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Toronto, Dec 19 (Canadian-Media): Canada's Opioid deaths -- expected to hit 4,000 by end of 2017 far above last year's total of 2,861 opioid-related fatalities -- had been attributed to increased presence of fentanyl in the drug supply, media reports said.
Illicit fentanyl reportedly accounted for 53 percent of all opioid overdose deaths in 2016.
Dr. Theresa Tam, chief public health officer of Canada, was reported by the media to state that the fentanyl-contaminated drug has affected all the provinces and territories and added, "it could hit all other areas of Canada and that's why it's so concerning."
"It's such a toxic drug that there is no second chance," Tam was reported to state "So people may die at the first exposure to fentanyl...This is a national public health crisis.First and foremost there is a very toxic drug supply...So we've seen the proportion of fentanyl as part of the opioid-related deaths go up 75 per cent now, and that's increased compared to last year."
Although British Columbia and Alberta were the hardest hit by fentanyl-related overdose deaths, the occurrence of opioid into the street drug supplies in Ontario also leading to fatalities was worrisome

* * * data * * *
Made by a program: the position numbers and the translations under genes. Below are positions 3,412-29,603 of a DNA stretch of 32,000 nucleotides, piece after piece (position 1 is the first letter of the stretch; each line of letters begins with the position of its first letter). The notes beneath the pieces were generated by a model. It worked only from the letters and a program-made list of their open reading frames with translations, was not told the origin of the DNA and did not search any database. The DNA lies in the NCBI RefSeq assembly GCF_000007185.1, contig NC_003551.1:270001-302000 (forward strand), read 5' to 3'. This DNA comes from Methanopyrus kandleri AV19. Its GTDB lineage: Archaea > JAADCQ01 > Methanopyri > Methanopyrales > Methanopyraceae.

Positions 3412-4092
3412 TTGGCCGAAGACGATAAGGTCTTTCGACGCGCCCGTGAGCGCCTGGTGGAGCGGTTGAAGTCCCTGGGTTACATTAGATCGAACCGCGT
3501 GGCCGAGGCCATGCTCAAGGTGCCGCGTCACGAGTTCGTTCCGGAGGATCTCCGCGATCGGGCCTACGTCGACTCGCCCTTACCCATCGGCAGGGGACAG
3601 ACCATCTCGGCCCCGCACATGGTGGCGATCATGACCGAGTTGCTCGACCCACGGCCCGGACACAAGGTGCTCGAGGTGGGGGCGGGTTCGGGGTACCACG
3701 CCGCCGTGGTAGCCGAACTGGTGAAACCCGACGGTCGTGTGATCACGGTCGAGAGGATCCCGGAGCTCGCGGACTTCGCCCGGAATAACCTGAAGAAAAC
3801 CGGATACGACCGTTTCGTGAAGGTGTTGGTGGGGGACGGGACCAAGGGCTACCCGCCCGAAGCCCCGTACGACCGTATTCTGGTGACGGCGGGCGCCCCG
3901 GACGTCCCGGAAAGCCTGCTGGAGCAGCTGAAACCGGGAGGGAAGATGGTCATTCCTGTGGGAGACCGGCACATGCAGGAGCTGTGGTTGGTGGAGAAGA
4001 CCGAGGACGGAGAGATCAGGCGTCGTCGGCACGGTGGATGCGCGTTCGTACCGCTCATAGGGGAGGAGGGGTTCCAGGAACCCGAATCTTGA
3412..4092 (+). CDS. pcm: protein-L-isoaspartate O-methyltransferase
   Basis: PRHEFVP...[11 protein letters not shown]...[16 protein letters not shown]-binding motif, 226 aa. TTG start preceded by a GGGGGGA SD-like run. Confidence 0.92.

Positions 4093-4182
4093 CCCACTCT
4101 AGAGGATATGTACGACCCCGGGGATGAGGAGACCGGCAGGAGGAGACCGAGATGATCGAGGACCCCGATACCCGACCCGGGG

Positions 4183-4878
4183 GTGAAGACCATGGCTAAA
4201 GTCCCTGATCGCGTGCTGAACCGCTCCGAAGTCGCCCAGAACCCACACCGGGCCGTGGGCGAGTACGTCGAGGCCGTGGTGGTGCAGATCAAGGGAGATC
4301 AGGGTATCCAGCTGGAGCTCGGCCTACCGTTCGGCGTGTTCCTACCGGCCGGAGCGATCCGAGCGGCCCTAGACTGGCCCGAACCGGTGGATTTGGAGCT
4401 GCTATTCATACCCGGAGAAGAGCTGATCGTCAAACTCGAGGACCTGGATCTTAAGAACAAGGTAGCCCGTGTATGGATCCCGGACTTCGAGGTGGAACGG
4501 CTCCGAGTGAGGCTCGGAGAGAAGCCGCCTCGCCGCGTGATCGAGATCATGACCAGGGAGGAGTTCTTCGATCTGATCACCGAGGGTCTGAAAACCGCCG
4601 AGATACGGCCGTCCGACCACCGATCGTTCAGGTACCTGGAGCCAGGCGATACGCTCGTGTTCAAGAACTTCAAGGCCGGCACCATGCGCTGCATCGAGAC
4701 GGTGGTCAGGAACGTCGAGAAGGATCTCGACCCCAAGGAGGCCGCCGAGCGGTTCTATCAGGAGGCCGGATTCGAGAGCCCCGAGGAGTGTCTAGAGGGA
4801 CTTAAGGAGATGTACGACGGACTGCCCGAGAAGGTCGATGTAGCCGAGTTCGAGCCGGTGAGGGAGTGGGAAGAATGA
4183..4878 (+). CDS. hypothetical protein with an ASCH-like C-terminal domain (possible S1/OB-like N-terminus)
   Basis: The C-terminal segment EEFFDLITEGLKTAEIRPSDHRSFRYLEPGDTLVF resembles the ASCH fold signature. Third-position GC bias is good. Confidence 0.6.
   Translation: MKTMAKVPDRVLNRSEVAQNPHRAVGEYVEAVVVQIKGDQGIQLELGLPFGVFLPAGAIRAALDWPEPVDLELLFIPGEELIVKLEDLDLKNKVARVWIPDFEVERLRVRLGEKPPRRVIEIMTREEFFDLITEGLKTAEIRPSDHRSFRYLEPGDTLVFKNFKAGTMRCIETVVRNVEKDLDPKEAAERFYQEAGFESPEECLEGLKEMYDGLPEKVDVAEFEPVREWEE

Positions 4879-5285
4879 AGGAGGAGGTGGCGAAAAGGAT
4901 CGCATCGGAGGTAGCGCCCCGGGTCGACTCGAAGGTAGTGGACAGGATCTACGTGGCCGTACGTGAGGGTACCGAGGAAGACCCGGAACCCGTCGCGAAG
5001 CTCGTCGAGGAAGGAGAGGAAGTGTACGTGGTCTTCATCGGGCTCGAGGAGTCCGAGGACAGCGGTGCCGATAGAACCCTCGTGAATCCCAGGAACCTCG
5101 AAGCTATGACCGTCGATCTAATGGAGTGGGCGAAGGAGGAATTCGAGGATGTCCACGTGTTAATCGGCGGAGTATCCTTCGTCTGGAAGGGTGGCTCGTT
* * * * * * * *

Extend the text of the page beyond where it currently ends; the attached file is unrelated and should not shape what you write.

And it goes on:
Three-quarters of opioid-related deaths, reported Public Health Agency of Canada, prevailed among males and the highest proportion (28 percent) Canadians aged 30 to 39 succumbed to death.
The implementation of numerous preventive measures to counteract the overdose deaths, including operation of supervised injection sites for drug users with easy access to the rescue medication naloxone, Tam admiited it was too early for those programs to reduce the number of deaths.
For instance, many safe-injection sites, had only recently begun operating.
"This crisis is really based on some very difficult societal challenges, including stigma to the persons who have problematic substance use and also some of the social economic factors such as homelessness and poverty," Tam said.
"So this is an extremely complex issue and as we move into 2018, we really need the whole of Canada to be prepared."
The need of the hour, Tam was reported to say is collaboration between all levels of government to increase access to treat people struggling with drug abuse.
(Reporting by Asha Bajaj)